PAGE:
Mozambique: Harassment perpetuates a cycle of violence

Mozambique: Harassment perpetuates a cycle of violence

Date: November 27, 2014
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Mozambique, 27 November: As we commemorate Sixteen Days of Activism, it is important to consider all the forms of violence that women and girls are subject to and how these forms fundamentally effect their access to education, employment and the economy. This disempowerment perpetuates gender inequality and renders women more vulnerable to other forms of gender-based violence. According to the 2014 SADC Gender Protocol Barometer gender violence and sexual harassment in schools and in work places remains a major problem across the region.

Reporter Jose Tembe investigates the problem in Mozambique. According to those interviewed in the report, sexual harassment is a matter of serious concern in Mozambican schools, contributing to poor education performance among school girls, dropouts, early pregnancies, and a rise in HIV infection in the country. One can also tell from this story that fuelling this scourge – as it is across the globe- is a culture of silence and victim-blaming, since people are of the misguided belief that girls wearing mini-skirts “provokes” sexual harassment. Both the authorities and people working in the education sector agree that a lot remains to be done to curb this form of gender violence and to ensure women are safe and free from harassment in schools and work places.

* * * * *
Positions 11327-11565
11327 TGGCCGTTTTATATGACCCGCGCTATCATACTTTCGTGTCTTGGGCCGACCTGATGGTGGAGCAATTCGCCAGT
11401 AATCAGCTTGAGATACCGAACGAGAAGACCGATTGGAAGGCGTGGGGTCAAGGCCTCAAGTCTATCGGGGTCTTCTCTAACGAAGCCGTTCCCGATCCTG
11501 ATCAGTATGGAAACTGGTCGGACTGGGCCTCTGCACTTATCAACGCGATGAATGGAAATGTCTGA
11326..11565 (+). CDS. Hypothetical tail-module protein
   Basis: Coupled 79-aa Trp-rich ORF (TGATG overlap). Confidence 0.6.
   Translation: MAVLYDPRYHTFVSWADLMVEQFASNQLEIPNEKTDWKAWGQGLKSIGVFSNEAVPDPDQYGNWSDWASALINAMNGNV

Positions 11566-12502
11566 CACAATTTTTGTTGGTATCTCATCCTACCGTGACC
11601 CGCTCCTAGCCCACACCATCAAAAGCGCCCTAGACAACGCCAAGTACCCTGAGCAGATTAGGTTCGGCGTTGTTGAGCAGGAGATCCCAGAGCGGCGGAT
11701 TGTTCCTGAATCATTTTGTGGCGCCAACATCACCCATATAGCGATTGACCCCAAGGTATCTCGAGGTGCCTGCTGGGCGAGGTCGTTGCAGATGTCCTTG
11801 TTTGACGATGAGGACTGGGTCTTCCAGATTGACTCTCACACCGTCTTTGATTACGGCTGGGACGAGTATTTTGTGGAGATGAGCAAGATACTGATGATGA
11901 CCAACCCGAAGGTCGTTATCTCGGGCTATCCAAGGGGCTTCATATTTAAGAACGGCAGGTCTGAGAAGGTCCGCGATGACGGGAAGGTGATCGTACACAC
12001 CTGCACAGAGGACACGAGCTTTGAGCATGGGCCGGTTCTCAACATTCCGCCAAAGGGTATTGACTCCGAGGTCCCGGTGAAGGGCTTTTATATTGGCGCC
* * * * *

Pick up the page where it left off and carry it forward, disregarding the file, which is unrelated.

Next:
Click here to listen to the story

This podcast is part of the Gender Links News Service Sixteen Days of Activism special series. Bringing you fresh views on everyday news


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